PHOENIX — The 2020 election may call for Arizonans to make many tough decisions, including whether our state should legalize recreational marijuana.
We took to the streets to see how Phoenix voters felt about legalization, and most of them said they were all for it.
“I feel like Arizona does need to legalize it. It’s about time that it happens,” Giovanni Banda said.
“Make it legal. Put a tax on it to help the government, and everybody will be happy,” Meredith Lee said.
But not everybody agrees that expanding the legal market for marijuana makes sense.
“When we think about Big Tobacco, we don’t want to do that all over again,” said Luke Niforatos, a policy advisor for Smart Approaches to Marijuana.
Niforatos lives in Colorado and says that legalization hasn’t been that great for his state.
“They write these laws with the best of intentions, but it bears itself out time and again in every legal state that the marijuana lobby, which is now backed by billions of dollars, is able to get around those laws,” he said.
Still, support for legal weed is growing. This industry is now legal in 11 states and Washington D.C., and Arizona is not the only state asking voters to take up the issue next November.
Why didn’t it pass in 2016?
Arizona voters had a chance to legalize recreational marijuana in 2016. It was close, but in the end, the initiative, Prop 205, went up in smoke.
Mason Cave with the Arizona Cannabis Chamber of Commerce is helping write some of the measures that he hopes will get on the 2020 ballot.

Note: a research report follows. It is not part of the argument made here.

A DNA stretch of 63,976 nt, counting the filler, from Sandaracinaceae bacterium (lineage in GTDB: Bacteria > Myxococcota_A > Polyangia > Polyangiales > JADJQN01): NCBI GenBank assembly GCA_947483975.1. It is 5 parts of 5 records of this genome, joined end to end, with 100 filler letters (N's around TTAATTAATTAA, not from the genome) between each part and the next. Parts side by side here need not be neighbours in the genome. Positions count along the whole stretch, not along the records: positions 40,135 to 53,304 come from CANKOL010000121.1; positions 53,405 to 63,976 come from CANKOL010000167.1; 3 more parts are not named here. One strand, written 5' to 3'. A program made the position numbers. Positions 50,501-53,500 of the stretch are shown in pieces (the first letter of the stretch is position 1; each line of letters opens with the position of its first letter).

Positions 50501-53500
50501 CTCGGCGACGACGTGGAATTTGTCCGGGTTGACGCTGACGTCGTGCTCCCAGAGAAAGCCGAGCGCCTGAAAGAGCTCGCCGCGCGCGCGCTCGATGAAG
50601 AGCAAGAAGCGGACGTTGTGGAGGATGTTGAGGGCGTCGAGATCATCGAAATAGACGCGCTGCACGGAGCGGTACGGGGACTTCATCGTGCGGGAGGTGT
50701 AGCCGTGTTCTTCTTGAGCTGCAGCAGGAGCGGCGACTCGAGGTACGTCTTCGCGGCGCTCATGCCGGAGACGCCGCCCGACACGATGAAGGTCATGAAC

But looking back, he believes the failure of the initiative started on TV.
“The negative ad campaign had a real strong success,” Cave said.
The anti-legalization campaign was well funded, backed by major donors contributing hundreds of thousands of dollars.
Problems with legalization
All that glitters isn’t green when it comes to legalization.
The drug is still illegal at the federal level, meaning there’s no federal guidelines for pesticides. This is causing problems for farmers up in California’s wine country.
And the black market continues to thrive in places with a high tax rate, like in California.
There’s also limited access to banking, so a lot of the business is still done in cash.
As for road safety, Colorado state troopers say educating people on the dangers of driving under the influence of cannabis feels like starting from square one after years of drunk driving education.
What’s in store for 2020?
Despite the controversy and the complications, there’s likely enough support in Arizona that at least one of two recreational marijuana plans will end up on the ballot.
And a recreational weed law is expected to pass this time around.
“The question is, just to see that we get the legislation right and that it’s good legislation,” Cave said.
Those behind the movement to legalize think they’ve addressed the problems of the past.
For example, one of the big questions people had about regulating marijuana was whether the tax revenue would go where it was promised.
“I think the initiative actually has done a decent job of addressing that concern, and we’re allowing the legislature to direct the funds that come through our referral,” Cave said. “So I think in probably both cases, one of the largest concerns of the negative ad campaigns is being addressed.”
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